Understanding the Most Common Kinds of Medical Malpractice Claims

According to the US Bureau of Labor Statistics, the healthcare industry is projected to add over 4 million jobs between 2012 and 2022, making it the fastest growing industry in the nation. But while our need for quality healthcare cannot be overstated, our confidence in our medical providers may be.

While three-quarters of Americans trusted the country’s medical leaders in the mid-1960s, only 34 percent of people feel the same way today. While there are many reasons for this, it doesn’t help that medical negligence is the third leading cause of death in the United States.  

Medical errors aren’t always caused by evil doctors. But when a patient is suffers harm due to a medical professional’s failure to provide proper duty of care, it may be appropriate to hire a medical malpractice attorney and file a claim. To better understand this area of law, it may help to learn more about the different types of medical malpractice.


The most common sources of medical malpractice claims from 2013 to 2017 were diagnostic errors. In fact, 33 percent of malpractice claims filed during that time were related to errors made during patient diagnosis.

Missed or delayed diagnoses can cause a patient to endure unnecessary treatments or avoid receiving the right kind of medical attention — both of which could cause irreparable harm to the patient in question. In some cases, a misdiagnosis could actually lead to death. Most often, misdiagnosis occurs in cases of tumors, heart conditions, infections, and blood clots.

Medication errors

Unfortunately, medication errors are also incredibly common. A doctor may administer an improper dosage of a given drug or administer two or more medications that interact in ways that could be harmful to a patient. He or she could even prescribe the entirely wrong medication for a patient.

In a hospital setting, a doctor or nurse could accidentally administer medication to one patient meant for another. Improper dosage is typically the most frequently occurring example, but any of the aforementioned scenarios could potentially result in permanent injury or fatalities.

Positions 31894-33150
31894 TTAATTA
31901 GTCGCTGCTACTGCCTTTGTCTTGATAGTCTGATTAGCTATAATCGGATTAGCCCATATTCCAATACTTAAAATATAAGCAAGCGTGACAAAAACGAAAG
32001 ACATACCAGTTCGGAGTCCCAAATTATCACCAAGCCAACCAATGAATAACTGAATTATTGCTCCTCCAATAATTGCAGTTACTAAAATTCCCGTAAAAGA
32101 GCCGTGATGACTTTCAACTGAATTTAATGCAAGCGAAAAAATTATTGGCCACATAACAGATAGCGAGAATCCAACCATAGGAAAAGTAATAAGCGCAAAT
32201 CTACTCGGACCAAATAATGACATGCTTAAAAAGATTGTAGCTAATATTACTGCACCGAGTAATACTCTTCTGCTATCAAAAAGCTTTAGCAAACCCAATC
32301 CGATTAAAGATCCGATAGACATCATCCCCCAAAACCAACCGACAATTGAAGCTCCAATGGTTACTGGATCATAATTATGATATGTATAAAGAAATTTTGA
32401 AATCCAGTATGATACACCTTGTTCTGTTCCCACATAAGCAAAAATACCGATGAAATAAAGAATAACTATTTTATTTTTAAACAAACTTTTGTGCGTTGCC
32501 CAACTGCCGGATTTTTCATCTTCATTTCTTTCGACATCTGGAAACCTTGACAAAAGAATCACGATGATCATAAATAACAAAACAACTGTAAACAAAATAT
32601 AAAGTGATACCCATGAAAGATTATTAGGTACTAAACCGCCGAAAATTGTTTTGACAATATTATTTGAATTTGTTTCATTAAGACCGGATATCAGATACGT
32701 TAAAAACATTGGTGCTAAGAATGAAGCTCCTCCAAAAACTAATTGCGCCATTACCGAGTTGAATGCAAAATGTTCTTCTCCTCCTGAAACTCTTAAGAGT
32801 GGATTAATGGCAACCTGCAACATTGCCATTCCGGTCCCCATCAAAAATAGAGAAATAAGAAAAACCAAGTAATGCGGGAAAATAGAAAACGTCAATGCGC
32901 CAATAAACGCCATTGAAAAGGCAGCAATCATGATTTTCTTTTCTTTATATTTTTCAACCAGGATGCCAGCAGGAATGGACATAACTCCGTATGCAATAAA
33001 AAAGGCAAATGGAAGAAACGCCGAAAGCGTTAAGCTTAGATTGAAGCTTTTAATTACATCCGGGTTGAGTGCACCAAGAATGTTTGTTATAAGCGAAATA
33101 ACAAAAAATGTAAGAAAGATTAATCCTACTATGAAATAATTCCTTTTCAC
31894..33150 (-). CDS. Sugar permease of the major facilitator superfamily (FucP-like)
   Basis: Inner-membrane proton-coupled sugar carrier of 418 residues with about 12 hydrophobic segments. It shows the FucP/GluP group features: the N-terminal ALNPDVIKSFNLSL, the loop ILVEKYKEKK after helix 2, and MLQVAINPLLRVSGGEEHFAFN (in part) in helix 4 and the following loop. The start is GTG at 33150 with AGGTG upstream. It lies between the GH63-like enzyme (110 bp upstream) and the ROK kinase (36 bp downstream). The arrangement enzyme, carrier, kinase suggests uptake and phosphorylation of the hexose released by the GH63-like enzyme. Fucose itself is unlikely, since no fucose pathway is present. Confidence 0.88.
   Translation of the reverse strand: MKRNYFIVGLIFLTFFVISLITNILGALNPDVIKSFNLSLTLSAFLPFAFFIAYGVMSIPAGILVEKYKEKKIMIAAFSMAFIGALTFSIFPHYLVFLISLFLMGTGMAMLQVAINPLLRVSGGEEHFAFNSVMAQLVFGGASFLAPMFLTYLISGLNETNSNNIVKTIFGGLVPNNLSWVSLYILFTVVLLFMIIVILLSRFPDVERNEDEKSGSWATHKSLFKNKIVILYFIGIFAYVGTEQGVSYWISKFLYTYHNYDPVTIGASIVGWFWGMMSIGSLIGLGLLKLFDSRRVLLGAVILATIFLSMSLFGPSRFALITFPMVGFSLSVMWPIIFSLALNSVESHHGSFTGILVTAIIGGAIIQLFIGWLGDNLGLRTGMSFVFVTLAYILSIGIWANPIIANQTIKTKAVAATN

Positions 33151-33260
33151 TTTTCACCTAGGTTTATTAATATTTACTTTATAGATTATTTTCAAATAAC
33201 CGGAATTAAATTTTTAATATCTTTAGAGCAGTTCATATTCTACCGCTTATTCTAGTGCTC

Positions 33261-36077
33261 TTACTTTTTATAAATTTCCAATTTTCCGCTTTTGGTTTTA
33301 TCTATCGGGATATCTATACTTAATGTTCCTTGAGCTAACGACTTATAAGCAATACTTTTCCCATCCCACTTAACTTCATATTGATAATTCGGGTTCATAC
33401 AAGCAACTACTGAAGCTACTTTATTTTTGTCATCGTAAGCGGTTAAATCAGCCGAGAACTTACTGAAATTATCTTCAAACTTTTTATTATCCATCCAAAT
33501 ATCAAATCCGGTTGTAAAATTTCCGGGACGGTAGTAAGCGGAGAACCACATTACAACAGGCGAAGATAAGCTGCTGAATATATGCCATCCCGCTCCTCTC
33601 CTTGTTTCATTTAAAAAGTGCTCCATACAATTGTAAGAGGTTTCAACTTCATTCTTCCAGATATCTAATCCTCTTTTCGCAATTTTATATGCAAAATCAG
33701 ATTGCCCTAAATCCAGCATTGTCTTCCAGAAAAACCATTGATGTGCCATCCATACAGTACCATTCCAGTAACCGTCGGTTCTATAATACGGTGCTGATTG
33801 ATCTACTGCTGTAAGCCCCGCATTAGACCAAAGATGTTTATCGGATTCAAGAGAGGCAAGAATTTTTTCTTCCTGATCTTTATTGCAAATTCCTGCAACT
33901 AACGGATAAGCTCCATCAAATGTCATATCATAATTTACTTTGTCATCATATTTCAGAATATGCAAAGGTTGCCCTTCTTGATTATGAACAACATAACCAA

Surgical errors

In 2010, there were roughly 51 million inpatient surgical procedures performed throughout the United States. While we all would hope that our doctors would do everything correctly when we go under the knife, the reality is that surgeons have been known to make mistakes in the operating room.

It’s possible that a surgeon could puncture an organ or even operate on the incorrect body part. In some cases, doctors have also left surgical equipment inside the body, causing patients all kinds of damages post-surgery. It’s also possible that medical staff members could fail to provide proper instructions for a patient after their surgery or utilize inadequate procedures that cause harm.

A failure on the part of the anesthesiologist to periodically move the patient during surgery could lead to substantial injury. Anesthesia errors are also subject to medical malpractice claims, which might include neglect in monitoring a patient’s vital signs, administering too much anesthesia, or failing to investigate a patient’s medical history for potential complications.

Childbirth injuries

Although there are some birth conditions caused by natural causes, there are others that can result from the negligence of the doctor. Brain injuries, bone fractures, nerve damage, and paralysis are all examples that can be completely devastating.

A failure to diagnose a mother’s medical condition or a child’s birth defect could also prompt a medical malpractice suit. So could failing to respond to signs of fetal distress, improperly using equipment, or neglecting to administer a cesarean procedure when warranted. Although you may not be able to file a lawsuit merely because your pregnancy or delivery did not pan out as expected, there are numerous instances where it is entirely warranted to make a medical malpractice claim.

There are, of course, other types of medical malpractice claims that you and your lawyer might be able to use as precedent for your own. Medical product liability, failure to treat, and other situations may be addressed by filing this type of lawsuit. If you feel you’ve been harmed due to the negligence of a medical professional, you should contact your attorney to assess the situation and to determine whether you have a case.

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